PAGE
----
How is that possible? Because the site only needs to make you lose a few extra times on larger bets to really punch your wallet, and that would never truly affect your win percentage when you're making a million rolls. It's especially bad with martingale strategy. 49.95% odds, 1 million rolls, you can have a 49.96% win result, yet be down hundreds of bitcoin, if you won a lot of 1st rolls, and the rolls that were faked were the ones where you're at the end of the run and betting 35 bitcoin. Fake just 10 rolls out of 10000 and you bring a 49.95% win ratio down to 49.85%, something that is perfectly within the bounds of random chance. Yet 10 faked rolls could cost you 350 bitcoin if they are timed just right.

So I email him and say that I ran tests and it appears the site MIGHT not be cheating, but, I still don't trust it and I'd like an explanation.

I am ignored.

So I retrofit my script to pull the hash, and I win 61 bitcoin in 14 hours.

And then get an email that I am banned and all deposits will be CONFISCATED.

The reason he states for the ban is that I lost a lot of bitcoin, and went crazy screaming at him and calling him a cheater, and threatening extortion and going "mafia style" on him. In the chat room last night he even claimed I threatened his life. Absolutely not true. I demanded my stolen coin back or I'd do my best to expose him and ruin him/his site. So then he saw me betting again, and was afraid that if I lost again, that I'd blow up at him again.

Let's be clear here - by his own admission - the reason I was given that I was not only banned, but any deposits I made would be confiscated, was because he "was afraid" that I'd lose again, and send him meany face emails.

What? Seriously?

It had nothing to do with the still, until this day, ignored accusations about cheating and theft? I even went so far as to say in an email, "All you had to do was say, 'Oh, crap, you're right! The way I have users request the hash really COULD be seen as cheating, and since I'm honest, I'd never want that, so I'll fix that right away. I am so sorry it came off that way!" and it would have shot my theory down. That never happened. EVERY time I directly asked him to explain, that question was ignored.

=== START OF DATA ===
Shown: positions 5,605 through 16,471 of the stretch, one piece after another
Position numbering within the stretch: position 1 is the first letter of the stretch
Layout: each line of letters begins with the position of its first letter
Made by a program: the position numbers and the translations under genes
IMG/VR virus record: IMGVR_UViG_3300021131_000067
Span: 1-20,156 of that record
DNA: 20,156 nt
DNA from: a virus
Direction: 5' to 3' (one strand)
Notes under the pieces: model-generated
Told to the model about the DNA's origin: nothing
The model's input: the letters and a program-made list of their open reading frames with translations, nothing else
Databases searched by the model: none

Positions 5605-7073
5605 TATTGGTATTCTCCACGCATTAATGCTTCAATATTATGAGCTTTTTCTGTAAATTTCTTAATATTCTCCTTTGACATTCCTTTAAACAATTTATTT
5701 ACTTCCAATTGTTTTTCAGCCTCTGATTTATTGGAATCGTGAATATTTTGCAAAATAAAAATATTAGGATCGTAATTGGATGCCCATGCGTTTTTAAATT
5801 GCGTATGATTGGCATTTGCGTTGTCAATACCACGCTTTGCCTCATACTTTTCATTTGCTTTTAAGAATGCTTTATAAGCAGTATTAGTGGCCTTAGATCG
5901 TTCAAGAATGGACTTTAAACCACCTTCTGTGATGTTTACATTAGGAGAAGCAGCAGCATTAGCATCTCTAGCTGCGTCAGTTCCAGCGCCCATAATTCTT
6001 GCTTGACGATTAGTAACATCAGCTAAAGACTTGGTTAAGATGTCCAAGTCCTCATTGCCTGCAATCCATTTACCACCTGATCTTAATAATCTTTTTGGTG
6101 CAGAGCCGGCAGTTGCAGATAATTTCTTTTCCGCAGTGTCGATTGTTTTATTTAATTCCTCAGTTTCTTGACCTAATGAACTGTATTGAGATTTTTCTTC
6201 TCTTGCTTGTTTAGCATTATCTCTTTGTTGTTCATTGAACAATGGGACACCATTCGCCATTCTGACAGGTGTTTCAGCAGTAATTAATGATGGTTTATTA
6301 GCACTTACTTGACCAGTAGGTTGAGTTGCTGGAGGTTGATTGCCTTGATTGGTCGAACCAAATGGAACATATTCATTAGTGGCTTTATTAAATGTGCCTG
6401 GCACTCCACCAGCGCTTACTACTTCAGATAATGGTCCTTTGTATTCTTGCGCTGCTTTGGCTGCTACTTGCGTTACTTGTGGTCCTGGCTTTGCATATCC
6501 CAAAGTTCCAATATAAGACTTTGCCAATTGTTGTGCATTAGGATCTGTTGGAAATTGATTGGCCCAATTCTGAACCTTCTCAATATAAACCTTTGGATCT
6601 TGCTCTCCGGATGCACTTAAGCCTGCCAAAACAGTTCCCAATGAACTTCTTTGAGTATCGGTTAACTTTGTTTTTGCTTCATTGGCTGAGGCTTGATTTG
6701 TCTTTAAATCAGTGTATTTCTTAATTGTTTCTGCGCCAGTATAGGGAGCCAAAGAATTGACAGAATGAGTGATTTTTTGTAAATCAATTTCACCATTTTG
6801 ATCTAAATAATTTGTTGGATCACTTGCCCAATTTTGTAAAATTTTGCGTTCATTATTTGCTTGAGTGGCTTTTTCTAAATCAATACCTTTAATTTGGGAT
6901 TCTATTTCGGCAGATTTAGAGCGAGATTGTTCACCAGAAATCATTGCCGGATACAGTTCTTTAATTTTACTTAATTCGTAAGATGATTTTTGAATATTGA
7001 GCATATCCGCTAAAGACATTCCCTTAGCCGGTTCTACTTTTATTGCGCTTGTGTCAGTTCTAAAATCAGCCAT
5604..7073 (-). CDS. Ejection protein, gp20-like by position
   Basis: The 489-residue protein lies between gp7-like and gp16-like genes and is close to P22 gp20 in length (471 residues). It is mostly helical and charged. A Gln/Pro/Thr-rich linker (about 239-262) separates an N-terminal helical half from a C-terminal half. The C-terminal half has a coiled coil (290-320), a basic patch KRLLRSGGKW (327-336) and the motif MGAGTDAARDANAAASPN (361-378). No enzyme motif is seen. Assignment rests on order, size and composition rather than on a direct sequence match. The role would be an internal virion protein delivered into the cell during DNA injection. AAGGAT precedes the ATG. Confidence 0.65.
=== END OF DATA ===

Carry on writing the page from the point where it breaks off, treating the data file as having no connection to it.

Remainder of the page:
Late last night I was trying to warn some people in the chat, and as I was being repeatedly banned, I sent him an email asking if he was working hard tonight banning every tor window I could open, and all he needed to do was return my bitcoin and fix the site and I'd leave it be.

He responded that he's sorry I lost money, and before I do anything rash, he thinks I should wait a week or two to calm down before taking any action. "The site isn’t going anywhere and isn’t changing in two weeks".

What? Really? Take TWO WEEKS to "calm down"? How batshit crazy do you need to be to take TWO WEEKS to calm down?

My ex-wife once very inappropriately yelled at and went off on my son and said hurtful things to him, and I went absolutely nuts on her, having one of the largest fights we ever had, and even then I didn't need two weeks to calm down.

And to specifically state that the site isn't changing in two weeks? How about - how about - let's examine this... how about I wait two weeks so that you can make modifications to the site and any accusations can be ignored?